Mark 8:14-21B, Tuesday of Week 6 in Ordinary Time
Don’t you find it interesting that into that ark Yahweh asked Noah to build, walked opposites. Not just opposite genders, mind you, but also opposites in purity and impurity. “Of every clean animal, take seven pairs; and of the unclean animals, one pair. Likewise, every clean bird and unclean birds,” etc. Genesis was written around the time of King Solomon. By then, this pure-vs-impure morality was already set in stone, strictly imposed and sanctioned. So, I find it fascinating that this detail of letting even the impure into the ark was never edited out of the ancient flood story.
The flood story is like a reset button that would restart a new creation. Remember the creation story? Where wind was sweeping over waters in formless chaos before God finally called the universe into being? The flood story looks awfully like a return to that chaos. But to prepare for the new creation, Yahweh commands Noah to gather creatures of opposites, beings of contradistinction, of dualism, of polarity, creatures of obvious binaries. And if these creatures want to survive the chaos outside the ark, then, they who are inside the ark will have to really get along. To make it out of that ark alive, they will have to weather this storm together, despite being such opposites.
The religious authorities back in Jesus’ day? They hated opposites. Instead, they demanded uniformity: only one form, meaning, their form. “If you are not one in form with us,” they seemed to say, “then you are opposite us and opposite God. We are pure, you are impure. We are normal, you, abnormal. We are righteous, holy, and so, Yahweh delights in us. You are sinful, worldly, and you disgust Yahweh. That was the leaven of the Pharisees, what “raised” their “dough,” what floated their boat, what bloated their egos. What did they call themselves? Pharisaioi? That literally means, the separated ones!
When I was assigned to San Jose Seminary, our cook there made bread every Monday and his bread could easily put Bread Talk to shame. “Anong sekreto mo, Kuya Eugene?” “Wala namang sekreto, Father. Dapat tamang-tama lang ang dagdag mo ng yeast.” Put too little yeast, the bread was clammy and chewy. Put in too much, the bread was like cheap pandesal: unang kagat, hangin lahat. So, just the right measure of yeast bound opposites in the dough: the solids and liquids, dry and wet, sweet and salty. Then Kuya Eugenefinally said:“At syempre, Pads, ang pinakaimportanteng sangkap: pagmamahal.” And we laughed. And I nodded and said: “Charot!”
Opposites are not all bad. Polarities, dichotomies, binaries, all these may and can serve good purpose esp. in personal maturity. Opposites make us distinguish boundaries and limits; what’s healthy and what isn’t; what’s life-giving and what’s death-dealing; what is true, only half-true, or entirely untrue. In life, opposites cannot be helped. Like it or not, they exist and are part of our existence. Even our heads are wired to distinguish opposites, to differentiate, to take apart, compare and contrast.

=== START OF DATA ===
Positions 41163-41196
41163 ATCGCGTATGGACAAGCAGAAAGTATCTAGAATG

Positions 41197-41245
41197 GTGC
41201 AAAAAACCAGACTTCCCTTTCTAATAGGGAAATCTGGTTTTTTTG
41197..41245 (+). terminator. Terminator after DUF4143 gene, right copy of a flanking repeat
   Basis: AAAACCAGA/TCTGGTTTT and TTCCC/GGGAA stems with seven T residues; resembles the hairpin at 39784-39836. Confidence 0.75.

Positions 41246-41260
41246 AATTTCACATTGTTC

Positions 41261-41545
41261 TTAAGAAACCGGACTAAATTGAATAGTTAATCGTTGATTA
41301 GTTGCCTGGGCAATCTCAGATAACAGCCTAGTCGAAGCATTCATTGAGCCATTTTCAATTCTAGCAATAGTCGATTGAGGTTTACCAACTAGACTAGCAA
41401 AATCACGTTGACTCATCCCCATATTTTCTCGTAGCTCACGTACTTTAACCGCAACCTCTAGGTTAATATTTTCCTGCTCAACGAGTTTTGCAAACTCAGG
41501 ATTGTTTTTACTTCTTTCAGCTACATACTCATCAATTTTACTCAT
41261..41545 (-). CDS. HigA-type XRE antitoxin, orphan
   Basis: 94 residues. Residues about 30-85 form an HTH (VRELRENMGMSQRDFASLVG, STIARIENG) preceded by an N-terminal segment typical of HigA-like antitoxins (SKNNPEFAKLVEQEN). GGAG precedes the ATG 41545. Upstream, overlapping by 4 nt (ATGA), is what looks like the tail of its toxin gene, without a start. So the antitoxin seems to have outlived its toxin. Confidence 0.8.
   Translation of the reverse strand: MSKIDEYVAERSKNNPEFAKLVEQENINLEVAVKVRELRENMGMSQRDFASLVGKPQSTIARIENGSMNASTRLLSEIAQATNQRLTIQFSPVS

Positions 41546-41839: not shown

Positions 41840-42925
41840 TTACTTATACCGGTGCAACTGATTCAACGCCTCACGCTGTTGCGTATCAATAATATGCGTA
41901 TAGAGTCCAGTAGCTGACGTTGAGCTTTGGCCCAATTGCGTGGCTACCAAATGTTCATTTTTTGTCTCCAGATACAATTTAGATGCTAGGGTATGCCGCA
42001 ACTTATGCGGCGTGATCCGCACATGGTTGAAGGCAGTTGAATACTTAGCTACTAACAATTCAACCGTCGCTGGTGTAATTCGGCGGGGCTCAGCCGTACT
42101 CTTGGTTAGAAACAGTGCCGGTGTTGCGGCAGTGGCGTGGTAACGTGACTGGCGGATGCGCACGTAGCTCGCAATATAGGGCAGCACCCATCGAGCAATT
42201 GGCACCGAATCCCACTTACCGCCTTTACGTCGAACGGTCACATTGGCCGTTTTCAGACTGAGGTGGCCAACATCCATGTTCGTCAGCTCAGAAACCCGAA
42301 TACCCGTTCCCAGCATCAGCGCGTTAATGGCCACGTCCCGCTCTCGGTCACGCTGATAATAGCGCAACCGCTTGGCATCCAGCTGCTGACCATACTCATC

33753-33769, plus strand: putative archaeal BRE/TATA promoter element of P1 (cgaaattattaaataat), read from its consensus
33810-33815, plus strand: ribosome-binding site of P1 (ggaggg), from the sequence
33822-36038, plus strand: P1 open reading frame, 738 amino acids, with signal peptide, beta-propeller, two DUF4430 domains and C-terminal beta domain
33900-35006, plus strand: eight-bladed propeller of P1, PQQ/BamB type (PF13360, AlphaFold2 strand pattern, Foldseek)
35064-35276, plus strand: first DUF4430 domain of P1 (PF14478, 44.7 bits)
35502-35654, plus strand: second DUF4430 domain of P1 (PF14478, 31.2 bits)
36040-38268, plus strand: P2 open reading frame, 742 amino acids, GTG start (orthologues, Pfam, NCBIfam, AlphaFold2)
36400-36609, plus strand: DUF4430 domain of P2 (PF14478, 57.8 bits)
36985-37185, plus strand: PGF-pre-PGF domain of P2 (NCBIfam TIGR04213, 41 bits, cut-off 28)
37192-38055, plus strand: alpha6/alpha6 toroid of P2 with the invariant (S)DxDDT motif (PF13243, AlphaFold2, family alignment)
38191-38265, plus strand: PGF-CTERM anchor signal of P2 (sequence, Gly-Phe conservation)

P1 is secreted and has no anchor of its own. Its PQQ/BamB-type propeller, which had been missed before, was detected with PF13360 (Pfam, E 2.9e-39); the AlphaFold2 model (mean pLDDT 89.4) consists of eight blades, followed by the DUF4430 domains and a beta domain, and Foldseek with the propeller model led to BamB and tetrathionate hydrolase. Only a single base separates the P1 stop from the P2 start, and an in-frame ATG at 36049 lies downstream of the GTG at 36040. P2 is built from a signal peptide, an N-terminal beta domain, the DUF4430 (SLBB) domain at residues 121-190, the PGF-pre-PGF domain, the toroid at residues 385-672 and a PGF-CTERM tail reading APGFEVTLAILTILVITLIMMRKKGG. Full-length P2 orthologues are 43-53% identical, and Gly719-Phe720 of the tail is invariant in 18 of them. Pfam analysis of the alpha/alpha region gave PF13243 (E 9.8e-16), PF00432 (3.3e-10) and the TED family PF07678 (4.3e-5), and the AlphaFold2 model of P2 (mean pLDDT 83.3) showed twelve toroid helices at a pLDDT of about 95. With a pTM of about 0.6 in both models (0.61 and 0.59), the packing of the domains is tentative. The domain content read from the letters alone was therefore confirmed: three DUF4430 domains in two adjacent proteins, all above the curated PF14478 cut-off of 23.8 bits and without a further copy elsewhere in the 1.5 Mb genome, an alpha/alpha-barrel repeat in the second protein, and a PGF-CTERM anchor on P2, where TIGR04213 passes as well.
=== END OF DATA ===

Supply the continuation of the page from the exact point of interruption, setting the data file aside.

But carry opposites too far, then, we become polarizing. We turn fundamentalist. Mix in the yeast of self-righteousness, we turn into pharisaioi. Christian life is now merely a two-column table of what is sinful and what is not, what Church allows and what it forbids, what makes God love us and what makes him reject us. And nothing much in between. But life is so much more complex than that. Incidentally, sisters and brothers, you know what I’ve observed? It seems to also be a function of intelligence. Maybe I’m wrong, but I can’t help but notice: people who are not very bright but who happen to have a lot of power, they’re often the ones who think in either-or, black-or-white, all-or-nothing. No room for nuance, no room for discussion, no middle ground. But most dangerously, no need for the Holy Spirit.
Last night, I finally saw Everything, Everywhere, All at Once. What chaos, huh? Half hour into it, my head was spinning, akala ko kulot na buhok ko! I was on the knife-edge between “Should I keep watching this?” and “Should I do YouTube shorts na lang uli?” I’m glad I stayed on, albeit tossing, turning, and pitching in the deluge of comedy and tragedy, physics and mythology, traditionalism and progressivism, east and west, this world and beyond, evil and good, hope and emptiness. But as the story drew to a close, the message was really so beautifully simple and so deeply true: only kindness and love, especially between opposites, will resolve the chaos and calm the storm. Only kindness and love, especially between opposites, will make for a full circle. Only kindness and love, both outwards and inwards, will enable us to intuit our deepest meaning, see our true worth, and cherish our lasting joy—for as long as our truest joy lies not in things or mere principles or just the rules, but in people.
*image by Sandra Boynton
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Thank you Fr. Arnel. This gives me new eyes for people, things, events not quite like what I had in mind. Sally Abelarde
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